C12370.jpg          James Tissot, Young_Lady_in_a_Boat, oil

C12370.jpgAnother decision the study helped Tissot make was the shape of the boat. In the large central portion of the study, and in the inset at the lower right, he initially envisioned a skiff with relatively straight sides and a wide, square stern. But in the inset at the lower left, he experimented with curved sides and a narrow stern that draws the viewer’s eye to the pug dog, and this is the shape he used in the oil painting.

Perhaps the most fascinating decision James Tissot made with this study, and the choice that is so characteristic of the enduring charm of his work, is to pivot the woman’s gaze from the right to a frank contemplation of the viewer. She is, in fact, studying us.

As for her guardian pug, a critic at the time remarked that it was “a dog with the head of a monkey…who appears without doubt to be a very rare species.”

James Tissot, Young_Lady_in_a_Boat, oil

Young Lady in a Boat (Jeune femme en bateau), by James Tissot. Oil on canvas, 50.2 by 64.8 cm. Private collection. (Wikimedia)

Related posts:

Tissot’s Study for the family of the Marquis de Miramon (1865)

Tissot’s Study for “Young Women looking at Japanese Objects” (1869)

Girls to Float Your Boat, by James Tissot

James Tissot’s Animals

© 2019 Lucy Paquette.  All rights reserved.

The articles published on this blog are copyrighted by Lucy Paquette.  An article or any portion of it may not be reproduced in any medium or transmitted in any form, electronic or mechanical, without the author’s permission.  You are welcome to cite or quote from an article provided you give full acknowledgement to the author.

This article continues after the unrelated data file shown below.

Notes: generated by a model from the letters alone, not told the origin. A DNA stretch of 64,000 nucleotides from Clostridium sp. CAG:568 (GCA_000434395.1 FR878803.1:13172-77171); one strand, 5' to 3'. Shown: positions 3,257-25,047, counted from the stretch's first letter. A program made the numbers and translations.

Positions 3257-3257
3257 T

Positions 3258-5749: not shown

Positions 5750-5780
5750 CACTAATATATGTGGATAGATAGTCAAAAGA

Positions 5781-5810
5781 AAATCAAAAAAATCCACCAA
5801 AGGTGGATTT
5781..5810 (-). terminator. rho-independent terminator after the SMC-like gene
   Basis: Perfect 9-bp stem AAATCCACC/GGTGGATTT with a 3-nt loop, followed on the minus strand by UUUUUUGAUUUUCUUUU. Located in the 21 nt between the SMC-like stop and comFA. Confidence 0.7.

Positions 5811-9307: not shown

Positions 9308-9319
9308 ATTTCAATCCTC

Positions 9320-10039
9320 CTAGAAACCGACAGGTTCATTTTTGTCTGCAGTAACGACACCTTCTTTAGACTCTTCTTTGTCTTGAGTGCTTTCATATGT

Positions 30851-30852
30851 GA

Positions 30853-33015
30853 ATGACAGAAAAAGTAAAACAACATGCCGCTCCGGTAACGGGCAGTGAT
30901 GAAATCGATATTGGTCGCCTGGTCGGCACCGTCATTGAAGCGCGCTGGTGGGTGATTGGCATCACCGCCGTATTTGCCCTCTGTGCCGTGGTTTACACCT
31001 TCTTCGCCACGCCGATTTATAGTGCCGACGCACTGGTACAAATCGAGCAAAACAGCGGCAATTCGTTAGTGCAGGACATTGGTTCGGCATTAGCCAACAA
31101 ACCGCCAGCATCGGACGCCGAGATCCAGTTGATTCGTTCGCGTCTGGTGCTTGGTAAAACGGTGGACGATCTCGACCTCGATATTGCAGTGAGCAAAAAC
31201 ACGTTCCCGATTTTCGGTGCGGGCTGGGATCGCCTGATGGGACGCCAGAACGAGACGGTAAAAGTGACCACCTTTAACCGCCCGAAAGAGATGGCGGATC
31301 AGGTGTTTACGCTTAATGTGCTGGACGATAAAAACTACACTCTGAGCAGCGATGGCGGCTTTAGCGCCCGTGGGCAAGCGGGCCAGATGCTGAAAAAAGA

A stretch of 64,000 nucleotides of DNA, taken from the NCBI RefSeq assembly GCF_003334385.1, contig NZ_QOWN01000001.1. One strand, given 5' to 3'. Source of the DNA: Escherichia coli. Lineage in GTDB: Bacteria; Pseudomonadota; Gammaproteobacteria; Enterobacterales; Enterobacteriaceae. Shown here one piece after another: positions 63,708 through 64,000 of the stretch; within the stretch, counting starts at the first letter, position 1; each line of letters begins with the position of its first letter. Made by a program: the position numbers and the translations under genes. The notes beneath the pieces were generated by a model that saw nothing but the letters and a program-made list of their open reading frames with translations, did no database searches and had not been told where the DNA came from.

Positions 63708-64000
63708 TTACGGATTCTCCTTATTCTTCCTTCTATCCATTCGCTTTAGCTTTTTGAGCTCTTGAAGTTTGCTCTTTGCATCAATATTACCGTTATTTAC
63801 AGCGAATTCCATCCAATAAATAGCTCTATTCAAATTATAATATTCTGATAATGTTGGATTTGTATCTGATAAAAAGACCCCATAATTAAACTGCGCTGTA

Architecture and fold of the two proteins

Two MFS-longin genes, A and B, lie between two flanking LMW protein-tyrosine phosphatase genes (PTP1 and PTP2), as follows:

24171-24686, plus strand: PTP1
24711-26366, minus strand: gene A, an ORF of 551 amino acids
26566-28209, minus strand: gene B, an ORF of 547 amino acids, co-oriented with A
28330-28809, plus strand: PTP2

CH377762

The Hammock:  A novel based on the true story of French painter James Tissot, brings Tissot’s world from 1870 to 1879 alive in a story of war, art, Society glamour, love, scandal, and tragedy.

Illustrated with 17 stunning, high-resolution fine art images in full color

Courtesy of The Bridgeman Art Library  

(295 pages; ISBN (ePub):  978-0-615-68267-9).

See http://www.amazon.com/dp/B009P5RYVE.

NOTE:  If you do not have a Kindle e-reader, you may download free Kindle reading apps for PCs, Smartphones, tablets, and the Kindle Cloud Reader to read The Hammock:  A novel based on the true story of French painter James Tissot.  Read reviews.

On Holiday with James Tissot and Kathleen Newton in 1878, by Lucy Paquette for The Victorian Web

To cite this article: Paquette, Lucy. “On Holiday with James Tissot and Kathleen Newton, by Lucy Paquette for The Victorian Web.” The Hammock. https://thehammocknovel.wordpress.com/2019/07/15/on-holiday-with-james-tissot-and-kathleen-newton-in-1878-by-lucy-paquette-for-the-victorian-web/. <Date viewed.>

 

James Tissot and Kathleen Newton lived in relative seclusion during their years together in London, from about 1876 until her death from tuberculosis in late 1882, but they enjoyed numerous trips outside the city in 1878.

Partly, as an unmarried couple living together, they were not welcome in respectable company. Kathleen’s two children lived nearby with her sister, Polly, who brought them to visit at tea time. But Tissot spent a great deal of time painting at his home, and Kathleen was his primary model during these years. Still, they managed what essentially were working holidays, when he painted her while they enjoyed excursions to resort towns easily accessible from his villa in suburban St. John’s Wood, London.

Each of their destinations had its own attractions, described in contemporary travel guides.

Greenwich

In Greenwich, Tissot painted The Terrace of the Trafalgar Tavern, Greenwich, London.

James Tissot, the-terrace-of-the-trafalgar-tavern-greenwich-london

The Terrace of the Trafalgar Tavern, Greenwich, London (c. 1878), by James Tissot. Oil on panel, 11 by 14 in. (27.94 by 35.56 cm). New Orleans Museum of Art.  (Photo: Wikiart.org)